The first annexation to Agoura Hills in the six years since the community became a city was approved Wednesday by the Local Agency Formation Commission.
The commission voted 4 to 0 to allow Agoura Hills to include about 60 homes in the Liberty Canyon area within the city’s boundaries.
Residents there had asked to have the area annexed because they believed that city government would be more responsive than Los Angeles County government. To help cover costs of the added services, 6.6% of the property taxes that property owners pay will now go to the city.
“This is the first time we’ve gone to them and not come back empty-handed,” Agoura Hills City Councilman Jack W. Koenig said of LAFCO’s approval of the annexation.
City Filed Suit
In 1985, the city filed a lawsuit against LAFCO after the agency denied Agoura Hills officials’ request to expand their city’s sphere of influence. The city lost the case on appeal. Koenig said Wednesday’s approval of the annexation was an important step toward improving relations between the two agencies.
LAFCO limited the annexation to about half of the 120 acres that the city had asked for, excluding land where owners opposed annexation. LAFCO also denied the city’s request to expand its sphere of influence but did so “without prejudice,” meaning that the city can apply again without having to wait a year.
A city’s sphere of influence is an area that, while not part of a city, is considered a place where the city is the most logical provider of public services. Cities cannot annex land outside their spheres of influence.
Cities have no legal authority over areas within their spheres. But “it would have given more credibility to our comments” about various development proposals there, Councilwoman Fran Pavley said.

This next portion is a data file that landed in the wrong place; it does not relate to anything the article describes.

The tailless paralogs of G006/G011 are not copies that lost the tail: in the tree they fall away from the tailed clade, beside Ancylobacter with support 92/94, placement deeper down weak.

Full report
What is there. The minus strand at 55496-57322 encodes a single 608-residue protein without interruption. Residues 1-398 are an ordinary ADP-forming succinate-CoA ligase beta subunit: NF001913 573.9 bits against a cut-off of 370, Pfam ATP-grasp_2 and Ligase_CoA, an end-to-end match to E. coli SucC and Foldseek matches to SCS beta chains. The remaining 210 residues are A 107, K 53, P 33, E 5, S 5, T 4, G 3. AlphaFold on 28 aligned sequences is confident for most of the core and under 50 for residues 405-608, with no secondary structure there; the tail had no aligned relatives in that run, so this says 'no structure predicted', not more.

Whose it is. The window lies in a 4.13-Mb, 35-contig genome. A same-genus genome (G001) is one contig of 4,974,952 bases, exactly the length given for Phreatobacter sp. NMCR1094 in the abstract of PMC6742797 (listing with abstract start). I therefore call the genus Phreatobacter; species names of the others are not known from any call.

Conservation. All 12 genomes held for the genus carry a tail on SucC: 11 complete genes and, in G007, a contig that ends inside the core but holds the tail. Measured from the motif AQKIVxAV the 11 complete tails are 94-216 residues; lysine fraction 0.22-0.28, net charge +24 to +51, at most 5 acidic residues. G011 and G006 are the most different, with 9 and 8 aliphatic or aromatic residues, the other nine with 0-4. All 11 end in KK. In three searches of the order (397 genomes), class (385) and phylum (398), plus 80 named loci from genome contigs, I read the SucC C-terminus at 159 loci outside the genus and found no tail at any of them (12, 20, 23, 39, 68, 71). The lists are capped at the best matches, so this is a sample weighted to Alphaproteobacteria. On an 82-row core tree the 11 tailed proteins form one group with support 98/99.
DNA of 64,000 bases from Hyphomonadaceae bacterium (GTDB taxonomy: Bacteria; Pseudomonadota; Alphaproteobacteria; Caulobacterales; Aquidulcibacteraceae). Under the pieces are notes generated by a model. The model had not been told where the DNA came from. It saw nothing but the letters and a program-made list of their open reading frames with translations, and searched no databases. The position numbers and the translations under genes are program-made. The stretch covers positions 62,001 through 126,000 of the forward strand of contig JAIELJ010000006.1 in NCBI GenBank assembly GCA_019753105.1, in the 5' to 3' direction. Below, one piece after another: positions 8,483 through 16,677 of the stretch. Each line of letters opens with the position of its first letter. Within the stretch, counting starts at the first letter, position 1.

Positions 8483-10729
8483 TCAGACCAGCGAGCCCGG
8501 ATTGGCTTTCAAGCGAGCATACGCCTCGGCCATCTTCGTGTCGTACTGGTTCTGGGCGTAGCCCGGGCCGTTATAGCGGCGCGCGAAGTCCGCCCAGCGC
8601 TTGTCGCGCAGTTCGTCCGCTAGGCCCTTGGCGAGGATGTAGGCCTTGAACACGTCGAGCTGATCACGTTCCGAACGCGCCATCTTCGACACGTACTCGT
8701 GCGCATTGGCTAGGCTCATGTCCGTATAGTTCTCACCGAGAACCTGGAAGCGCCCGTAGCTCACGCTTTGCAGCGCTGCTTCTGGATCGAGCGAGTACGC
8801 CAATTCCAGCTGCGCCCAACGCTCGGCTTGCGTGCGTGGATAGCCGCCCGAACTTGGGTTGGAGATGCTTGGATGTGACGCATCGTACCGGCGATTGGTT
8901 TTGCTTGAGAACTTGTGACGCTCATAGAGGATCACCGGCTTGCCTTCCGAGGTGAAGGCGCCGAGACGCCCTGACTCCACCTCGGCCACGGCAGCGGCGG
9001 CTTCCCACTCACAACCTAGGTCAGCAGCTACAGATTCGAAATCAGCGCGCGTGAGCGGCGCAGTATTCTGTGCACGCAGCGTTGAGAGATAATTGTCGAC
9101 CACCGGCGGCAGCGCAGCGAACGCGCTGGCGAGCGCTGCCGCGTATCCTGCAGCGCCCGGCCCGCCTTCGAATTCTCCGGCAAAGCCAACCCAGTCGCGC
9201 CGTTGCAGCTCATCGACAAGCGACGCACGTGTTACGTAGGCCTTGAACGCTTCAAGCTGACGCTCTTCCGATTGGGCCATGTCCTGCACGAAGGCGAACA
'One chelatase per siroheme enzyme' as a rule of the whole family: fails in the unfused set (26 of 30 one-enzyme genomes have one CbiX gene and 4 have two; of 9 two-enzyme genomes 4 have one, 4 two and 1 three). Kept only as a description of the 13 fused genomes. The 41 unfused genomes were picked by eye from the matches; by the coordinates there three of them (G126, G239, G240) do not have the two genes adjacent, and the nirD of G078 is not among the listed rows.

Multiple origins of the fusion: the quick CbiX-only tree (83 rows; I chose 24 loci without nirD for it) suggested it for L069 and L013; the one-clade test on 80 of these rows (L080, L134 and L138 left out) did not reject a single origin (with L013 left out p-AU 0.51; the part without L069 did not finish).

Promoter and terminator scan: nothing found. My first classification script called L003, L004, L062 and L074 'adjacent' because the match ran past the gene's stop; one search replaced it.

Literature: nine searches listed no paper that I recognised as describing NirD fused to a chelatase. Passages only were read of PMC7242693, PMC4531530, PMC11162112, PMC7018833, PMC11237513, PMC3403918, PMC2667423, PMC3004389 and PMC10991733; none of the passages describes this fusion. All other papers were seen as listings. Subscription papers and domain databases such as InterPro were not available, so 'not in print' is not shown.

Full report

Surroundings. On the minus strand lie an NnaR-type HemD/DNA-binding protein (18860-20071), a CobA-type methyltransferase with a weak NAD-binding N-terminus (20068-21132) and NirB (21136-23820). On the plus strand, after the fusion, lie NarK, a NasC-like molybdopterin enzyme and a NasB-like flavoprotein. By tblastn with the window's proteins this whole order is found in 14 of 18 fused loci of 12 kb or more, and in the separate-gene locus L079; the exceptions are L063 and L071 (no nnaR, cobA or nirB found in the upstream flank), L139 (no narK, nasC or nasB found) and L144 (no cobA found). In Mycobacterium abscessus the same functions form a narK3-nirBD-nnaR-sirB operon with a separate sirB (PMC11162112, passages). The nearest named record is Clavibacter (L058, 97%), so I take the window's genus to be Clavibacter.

The city had wanted its sphere to reach south of Mulholland Drive, east of Las Virgenes Road and north to the Ventura County line. LAFCO Executive Officer Ruth Bennell recommended a smaller sphere that excluded the county’s Calabasas Landfill and conformed roughly to Mulholland Drive and Las Virgenes Road.
But about 12 people showed up at the hearing Wednesday to oppose that recommendation, prompting LAFCO to balk.
Other landowners in the proposed sphere wrote letters to LAFCO, including developer Brian Heller, who plans to build 150 homes in the Paramount Ranch area. Heller noted that spheres of influence are subject to annexation and that “residents did not want to be part of, or have imposed on us, the constant, petty bickering and politically oriented activism for which the city of Agoura Hills has become known.”
Koenig acknowledged that the city must win over some opponents before trying to expand its sphere again.
“It’s our job to go and sell our virtues as a city,” he said.